The United States-China Economic and Security Review Commission alleged that Beijing is running a massive influence operation inside of America’s institutions.
The recently released report raises the alarm about what its authors claim are China’s clandestine efforts “to outsource its messaging in part because it believes foreigners are more likely to accept propaganda if it appears to come from non-Chinese sources”, which has supposedly taken the form of an extensive campaign to, as Josh Rogin from the Washington Post puts in the passage that he’s cited in, “influence the influencers” and “get Americans to carry [China’s] message to other Americans”. Some of the mentioned examples include its purported financing of various Beltway think tanks and also the creation of socio-cultural NGOs that are accused of being intelligence fronts.
Although not openly stated, it’s strongly alluded that China is partaking in a so-called “long march through the institutions” in order to change American policies and perceptions from within. This notion was infamously abused during the McCarthyite witch hunts when the US “deep state” publicly purged a rival faction and its suspected civil society supporters on the basis that they were treasonously plotting to undermine the country. Something similar might be happening nowadays as well if the Trump Administration uses the commission’s findings to take action against its institutional foes and simultaneously send a signal to Beijing during the ongoing so-called “trade war”.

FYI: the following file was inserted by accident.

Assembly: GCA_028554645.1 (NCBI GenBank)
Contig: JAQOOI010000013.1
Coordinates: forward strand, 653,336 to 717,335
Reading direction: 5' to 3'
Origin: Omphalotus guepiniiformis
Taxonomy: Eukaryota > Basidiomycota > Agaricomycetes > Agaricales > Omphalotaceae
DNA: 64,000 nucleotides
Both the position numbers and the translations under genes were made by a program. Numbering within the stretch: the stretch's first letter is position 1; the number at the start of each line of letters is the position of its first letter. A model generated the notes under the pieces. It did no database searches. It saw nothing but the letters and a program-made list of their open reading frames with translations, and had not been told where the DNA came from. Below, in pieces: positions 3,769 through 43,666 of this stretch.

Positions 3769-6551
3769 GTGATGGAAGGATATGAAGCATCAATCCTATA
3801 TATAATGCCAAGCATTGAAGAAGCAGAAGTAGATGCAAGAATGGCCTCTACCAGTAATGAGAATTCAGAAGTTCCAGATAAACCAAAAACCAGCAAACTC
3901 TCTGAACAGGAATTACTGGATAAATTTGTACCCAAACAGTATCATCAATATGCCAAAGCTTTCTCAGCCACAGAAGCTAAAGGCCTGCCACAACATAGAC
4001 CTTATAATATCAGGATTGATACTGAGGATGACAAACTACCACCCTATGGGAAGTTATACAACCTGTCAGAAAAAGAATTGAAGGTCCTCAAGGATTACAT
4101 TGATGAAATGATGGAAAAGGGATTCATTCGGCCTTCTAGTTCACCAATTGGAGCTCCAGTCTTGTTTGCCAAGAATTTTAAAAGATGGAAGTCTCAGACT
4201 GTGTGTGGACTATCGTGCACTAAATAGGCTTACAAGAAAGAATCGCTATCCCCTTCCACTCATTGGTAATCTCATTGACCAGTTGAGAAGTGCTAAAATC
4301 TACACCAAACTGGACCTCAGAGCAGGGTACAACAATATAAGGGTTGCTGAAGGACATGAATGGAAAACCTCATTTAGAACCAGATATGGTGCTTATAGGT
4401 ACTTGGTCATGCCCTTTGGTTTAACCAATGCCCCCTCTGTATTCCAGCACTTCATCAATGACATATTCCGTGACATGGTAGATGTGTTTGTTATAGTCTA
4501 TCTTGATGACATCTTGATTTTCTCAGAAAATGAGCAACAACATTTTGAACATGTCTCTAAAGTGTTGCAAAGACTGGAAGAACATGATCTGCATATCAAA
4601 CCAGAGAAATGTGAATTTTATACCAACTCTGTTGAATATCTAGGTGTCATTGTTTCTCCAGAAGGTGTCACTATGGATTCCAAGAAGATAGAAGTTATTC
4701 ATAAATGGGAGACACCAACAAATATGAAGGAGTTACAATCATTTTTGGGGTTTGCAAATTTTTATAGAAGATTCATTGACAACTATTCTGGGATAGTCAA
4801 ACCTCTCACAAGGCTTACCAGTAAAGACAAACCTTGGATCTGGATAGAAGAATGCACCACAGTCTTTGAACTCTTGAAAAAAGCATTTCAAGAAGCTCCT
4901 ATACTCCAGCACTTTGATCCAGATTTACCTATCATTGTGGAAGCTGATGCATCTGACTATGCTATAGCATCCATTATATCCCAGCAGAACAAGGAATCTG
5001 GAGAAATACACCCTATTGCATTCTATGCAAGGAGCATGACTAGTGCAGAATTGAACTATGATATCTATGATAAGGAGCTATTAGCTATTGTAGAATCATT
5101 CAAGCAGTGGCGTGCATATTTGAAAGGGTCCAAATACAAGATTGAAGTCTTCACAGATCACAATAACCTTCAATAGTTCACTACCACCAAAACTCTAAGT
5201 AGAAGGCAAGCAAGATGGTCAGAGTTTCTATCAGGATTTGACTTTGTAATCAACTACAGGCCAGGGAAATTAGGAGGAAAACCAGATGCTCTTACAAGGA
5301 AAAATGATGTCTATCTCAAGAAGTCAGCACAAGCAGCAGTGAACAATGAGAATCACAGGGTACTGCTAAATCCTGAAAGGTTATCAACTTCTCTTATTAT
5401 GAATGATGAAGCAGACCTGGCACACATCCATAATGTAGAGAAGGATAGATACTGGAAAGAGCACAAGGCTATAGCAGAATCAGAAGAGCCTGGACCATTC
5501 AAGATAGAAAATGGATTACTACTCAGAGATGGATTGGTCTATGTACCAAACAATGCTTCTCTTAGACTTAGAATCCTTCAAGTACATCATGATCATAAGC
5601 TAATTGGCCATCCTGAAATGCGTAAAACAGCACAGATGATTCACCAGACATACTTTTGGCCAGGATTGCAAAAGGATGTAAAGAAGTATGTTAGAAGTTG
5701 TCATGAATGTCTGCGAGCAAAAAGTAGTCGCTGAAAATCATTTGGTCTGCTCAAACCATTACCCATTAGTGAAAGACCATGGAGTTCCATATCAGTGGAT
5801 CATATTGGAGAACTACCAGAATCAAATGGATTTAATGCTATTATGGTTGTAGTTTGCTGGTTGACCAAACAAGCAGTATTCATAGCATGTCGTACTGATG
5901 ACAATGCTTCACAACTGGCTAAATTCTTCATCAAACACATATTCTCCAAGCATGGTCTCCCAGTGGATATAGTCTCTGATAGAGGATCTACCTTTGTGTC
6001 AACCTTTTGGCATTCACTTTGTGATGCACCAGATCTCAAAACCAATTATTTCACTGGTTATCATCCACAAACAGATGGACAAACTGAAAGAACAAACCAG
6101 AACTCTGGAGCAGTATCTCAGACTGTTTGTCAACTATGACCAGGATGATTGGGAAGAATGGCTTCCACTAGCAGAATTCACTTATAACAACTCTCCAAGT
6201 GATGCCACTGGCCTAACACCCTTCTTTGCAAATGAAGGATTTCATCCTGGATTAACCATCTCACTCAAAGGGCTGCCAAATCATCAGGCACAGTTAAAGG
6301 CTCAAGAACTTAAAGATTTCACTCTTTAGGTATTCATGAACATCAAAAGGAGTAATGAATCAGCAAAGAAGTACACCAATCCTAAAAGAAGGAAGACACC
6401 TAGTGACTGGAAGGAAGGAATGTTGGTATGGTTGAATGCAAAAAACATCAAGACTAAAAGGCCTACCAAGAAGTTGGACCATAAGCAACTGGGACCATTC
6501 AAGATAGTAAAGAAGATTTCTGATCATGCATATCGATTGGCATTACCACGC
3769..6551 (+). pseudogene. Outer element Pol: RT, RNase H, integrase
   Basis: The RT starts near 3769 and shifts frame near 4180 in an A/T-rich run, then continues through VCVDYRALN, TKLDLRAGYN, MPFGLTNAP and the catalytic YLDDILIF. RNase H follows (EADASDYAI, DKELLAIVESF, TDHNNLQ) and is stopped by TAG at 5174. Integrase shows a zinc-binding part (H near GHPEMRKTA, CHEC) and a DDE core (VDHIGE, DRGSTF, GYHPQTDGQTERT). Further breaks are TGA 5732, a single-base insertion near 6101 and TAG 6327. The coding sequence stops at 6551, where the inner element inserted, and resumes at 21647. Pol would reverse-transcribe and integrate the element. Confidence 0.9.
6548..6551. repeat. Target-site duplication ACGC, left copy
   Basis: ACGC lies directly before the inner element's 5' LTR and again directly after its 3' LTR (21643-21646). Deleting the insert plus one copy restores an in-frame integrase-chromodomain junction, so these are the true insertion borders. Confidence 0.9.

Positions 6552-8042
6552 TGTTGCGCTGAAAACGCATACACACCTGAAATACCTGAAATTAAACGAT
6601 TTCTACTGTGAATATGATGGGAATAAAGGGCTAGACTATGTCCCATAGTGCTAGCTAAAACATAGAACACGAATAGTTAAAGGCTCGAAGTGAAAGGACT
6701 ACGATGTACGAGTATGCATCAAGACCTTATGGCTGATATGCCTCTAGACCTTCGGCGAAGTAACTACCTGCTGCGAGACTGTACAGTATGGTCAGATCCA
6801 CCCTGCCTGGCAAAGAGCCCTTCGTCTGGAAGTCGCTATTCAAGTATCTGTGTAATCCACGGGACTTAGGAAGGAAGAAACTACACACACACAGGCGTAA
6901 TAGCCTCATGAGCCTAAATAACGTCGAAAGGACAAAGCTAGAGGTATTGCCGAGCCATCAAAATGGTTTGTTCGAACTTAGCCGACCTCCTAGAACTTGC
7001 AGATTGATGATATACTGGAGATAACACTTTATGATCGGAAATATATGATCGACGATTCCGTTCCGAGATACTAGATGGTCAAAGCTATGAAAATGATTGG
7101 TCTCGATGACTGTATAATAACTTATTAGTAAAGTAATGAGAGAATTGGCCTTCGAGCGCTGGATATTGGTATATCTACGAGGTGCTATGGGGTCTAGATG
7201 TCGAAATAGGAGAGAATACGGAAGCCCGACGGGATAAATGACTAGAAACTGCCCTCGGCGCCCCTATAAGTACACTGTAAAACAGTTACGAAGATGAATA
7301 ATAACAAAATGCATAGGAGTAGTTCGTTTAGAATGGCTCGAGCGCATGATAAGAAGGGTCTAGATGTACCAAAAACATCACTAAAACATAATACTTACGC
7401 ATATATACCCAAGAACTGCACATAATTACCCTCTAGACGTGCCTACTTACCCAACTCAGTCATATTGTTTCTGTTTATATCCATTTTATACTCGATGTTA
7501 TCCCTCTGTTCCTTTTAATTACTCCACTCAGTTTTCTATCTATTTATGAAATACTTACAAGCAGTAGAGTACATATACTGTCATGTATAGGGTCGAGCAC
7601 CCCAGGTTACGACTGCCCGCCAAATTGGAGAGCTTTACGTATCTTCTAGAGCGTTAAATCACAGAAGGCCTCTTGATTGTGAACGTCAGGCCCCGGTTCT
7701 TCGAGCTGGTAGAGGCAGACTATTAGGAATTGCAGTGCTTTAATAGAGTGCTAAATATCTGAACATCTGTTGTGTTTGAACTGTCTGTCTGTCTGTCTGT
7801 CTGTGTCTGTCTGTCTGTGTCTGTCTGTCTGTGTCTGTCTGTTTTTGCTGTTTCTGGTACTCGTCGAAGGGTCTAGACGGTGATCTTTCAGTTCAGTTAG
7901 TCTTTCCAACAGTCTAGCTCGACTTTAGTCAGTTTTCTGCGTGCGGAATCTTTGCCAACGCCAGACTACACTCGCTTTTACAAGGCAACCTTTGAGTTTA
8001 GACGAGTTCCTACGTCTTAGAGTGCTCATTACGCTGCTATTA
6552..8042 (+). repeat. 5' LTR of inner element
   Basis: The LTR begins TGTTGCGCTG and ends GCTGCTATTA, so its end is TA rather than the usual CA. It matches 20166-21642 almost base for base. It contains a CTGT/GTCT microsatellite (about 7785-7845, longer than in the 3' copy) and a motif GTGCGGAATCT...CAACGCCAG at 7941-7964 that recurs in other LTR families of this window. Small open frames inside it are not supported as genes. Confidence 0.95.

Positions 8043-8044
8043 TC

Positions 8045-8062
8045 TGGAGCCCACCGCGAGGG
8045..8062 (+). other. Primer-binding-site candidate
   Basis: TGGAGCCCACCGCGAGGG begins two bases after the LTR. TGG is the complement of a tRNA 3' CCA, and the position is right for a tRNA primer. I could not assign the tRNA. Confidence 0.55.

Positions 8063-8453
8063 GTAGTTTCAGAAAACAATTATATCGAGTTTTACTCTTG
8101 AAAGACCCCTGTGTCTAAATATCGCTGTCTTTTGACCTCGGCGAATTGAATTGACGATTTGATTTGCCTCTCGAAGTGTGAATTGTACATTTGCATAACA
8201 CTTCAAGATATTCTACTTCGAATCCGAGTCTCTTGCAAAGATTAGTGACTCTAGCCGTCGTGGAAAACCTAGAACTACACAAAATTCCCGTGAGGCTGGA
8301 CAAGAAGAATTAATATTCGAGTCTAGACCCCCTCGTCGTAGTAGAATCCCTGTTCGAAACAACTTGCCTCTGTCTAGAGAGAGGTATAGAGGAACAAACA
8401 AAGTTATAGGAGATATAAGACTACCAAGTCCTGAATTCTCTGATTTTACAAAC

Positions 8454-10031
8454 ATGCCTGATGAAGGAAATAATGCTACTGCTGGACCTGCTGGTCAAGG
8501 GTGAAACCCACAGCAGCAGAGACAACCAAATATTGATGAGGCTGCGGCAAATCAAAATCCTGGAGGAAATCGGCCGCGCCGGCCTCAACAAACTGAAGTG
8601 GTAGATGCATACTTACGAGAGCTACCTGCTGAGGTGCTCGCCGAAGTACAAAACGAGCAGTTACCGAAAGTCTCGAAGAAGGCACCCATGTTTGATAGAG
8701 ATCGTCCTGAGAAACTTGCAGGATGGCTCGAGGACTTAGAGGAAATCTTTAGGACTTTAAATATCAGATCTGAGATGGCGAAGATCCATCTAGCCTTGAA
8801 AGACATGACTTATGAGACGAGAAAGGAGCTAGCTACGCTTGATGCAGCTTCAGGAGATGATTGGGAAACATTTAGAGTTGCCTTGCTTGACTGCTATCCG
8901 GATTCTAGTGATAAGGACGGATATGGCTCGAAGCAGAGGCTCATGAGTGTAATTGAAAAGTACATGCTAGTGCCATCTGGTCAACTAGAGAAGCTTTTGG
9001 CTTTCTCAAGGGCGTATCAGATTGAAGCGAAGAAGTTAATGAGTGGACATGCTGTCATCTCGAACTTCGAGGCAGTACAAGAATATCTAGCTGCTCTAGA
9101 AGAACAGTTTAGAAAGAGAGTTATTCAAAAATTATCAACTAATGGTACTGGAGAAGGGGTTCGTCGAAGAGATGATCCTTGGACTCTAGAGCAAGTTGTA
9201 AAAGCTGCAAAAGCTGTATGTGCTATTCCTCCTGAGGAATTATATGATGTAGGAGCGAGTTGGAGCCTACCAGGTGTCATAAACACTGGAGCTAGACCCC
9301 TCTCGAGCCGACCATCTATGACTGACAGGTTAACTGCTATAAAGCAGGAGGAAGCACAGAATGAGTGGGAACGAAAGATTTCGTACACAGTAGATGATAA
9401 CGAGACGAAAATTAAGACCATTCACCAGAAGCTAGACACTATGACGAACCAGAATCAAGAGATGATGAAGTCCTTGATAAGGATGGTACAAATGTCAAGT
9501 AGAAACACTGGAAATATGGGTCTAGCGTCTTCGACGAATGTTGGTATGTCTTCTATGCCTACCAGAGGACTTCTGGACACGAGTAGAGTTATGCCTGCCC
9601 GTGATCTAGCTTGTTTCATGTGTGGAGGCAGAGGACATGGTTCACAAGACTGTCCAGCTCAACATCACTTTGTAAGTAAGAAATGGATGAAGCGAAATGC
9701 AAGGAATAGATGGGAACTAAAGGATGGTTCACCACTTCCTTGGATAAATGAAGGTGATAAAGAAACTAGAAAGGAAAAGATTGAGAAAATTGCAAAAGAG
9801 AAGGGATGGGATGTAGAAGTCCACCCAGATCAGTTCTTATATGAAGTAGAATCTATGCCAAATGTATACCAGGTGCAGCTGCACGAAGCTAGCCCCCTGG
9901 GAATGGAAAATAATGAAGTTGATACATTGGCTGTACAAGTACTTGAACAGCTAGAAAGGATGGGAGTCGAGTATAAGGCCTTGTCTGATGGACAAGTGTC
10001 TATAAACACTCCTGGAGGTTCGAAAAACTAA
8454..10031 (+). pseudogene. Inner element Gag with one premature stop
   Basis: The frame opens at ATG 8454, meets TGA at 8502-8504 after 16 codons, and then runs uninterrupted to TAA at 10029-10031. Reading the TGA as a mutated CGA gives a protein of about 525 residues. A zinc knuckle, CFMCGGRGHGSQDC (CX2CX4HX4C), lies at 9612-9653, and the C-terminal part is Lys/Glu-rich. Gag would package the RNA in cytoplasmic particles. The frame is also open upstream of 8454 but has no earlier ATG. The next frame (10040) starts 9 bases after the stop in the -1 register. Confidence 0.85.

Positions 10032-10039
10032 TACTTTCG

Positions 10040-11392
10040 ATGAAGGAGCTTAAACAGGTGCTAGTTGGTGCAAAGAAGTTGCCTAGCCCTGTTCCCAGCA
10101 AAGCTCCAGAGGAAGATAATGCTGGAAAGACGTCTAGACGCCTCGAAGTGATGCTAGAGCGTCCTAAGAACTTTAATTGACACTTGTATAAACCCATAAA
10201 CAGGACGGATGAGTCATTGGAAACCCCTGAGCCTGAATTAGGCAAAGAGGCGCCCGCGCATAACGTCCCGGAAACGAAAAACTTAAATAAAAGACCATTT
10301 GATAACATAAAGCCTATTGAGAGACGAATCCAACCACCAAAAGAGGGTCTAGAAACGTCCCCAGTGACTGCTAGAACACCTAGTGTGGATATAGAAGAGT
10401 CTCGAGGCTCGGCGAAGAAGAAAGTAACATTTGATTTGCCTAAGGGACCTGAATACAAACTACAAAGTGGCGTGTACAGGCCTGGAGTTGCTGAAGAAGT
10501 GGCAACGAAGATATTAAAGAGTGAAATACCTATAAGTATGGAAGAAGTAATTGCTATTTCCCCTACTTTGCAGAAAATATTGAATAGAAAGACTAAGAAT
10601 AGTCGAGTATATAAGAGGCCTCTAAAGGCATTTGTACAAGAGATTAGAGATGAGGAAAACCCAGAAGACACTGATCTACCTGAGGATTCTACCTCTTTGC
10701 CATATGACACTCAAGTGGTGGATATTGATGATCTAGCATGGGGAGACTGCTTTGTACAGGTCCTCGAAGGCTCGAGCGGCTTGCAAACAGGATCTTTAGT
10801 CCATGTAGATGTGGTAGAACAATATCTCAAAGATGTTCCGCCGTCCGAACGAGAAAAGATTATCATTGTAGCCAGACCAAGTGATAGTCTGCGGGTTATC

Even in the event that the accusations levelled against the People’s Republic are true, whether in whole or in part, it wouldn’t really be anything groundbreaking because the US has been practicing these sorts of influence operations against other countries for decades now. That’s not to dismiss the potential significance of this through “whatabouttism”, but just to make the point that the US might be experiencing blowback after opening up Pandora’s Box and losing its erstwhile monopoly over these perception management tactics. In fact, the proactive desire to safeguard itself from this scenario might even explain why the country secretly started turning into a “national security state” years ago.
Today’s interconnected society provides fertile ground for influencing foreign audiences through the indirect means described in the report and previously mastered by the US, and the only way for the American “deep state” to protect its interests and retain control of the domestic narrative is to paradoxically go against its publicly stated values of openness, free speech, and the marketplace of ideas. Most countries such as Russia acknowledge taking preventative measures against these tactics, but the US is in a dilemma because one of the foundations of its soft power is that it would never do such a thing that it previously attacked others for.
Snowden exposed its double standards in this respect and the irreparable harm that his factual revelations inflicted on America’s reputational standing abroad is one of the reasons why he could be executed by his government if he was ever captured. Now, however, the US can attempt to “justify” the extensive surveillance that it carries out against its citizens on the grounds that it’s necessary for protecting them from shadowy influence operations. Should it opportunistically go forward with that narrative, then the stunning reversal on this issue could signal that the country is also prepared to shift its position on other soft power topics as Trump continues to lastingly redefine America’s global image.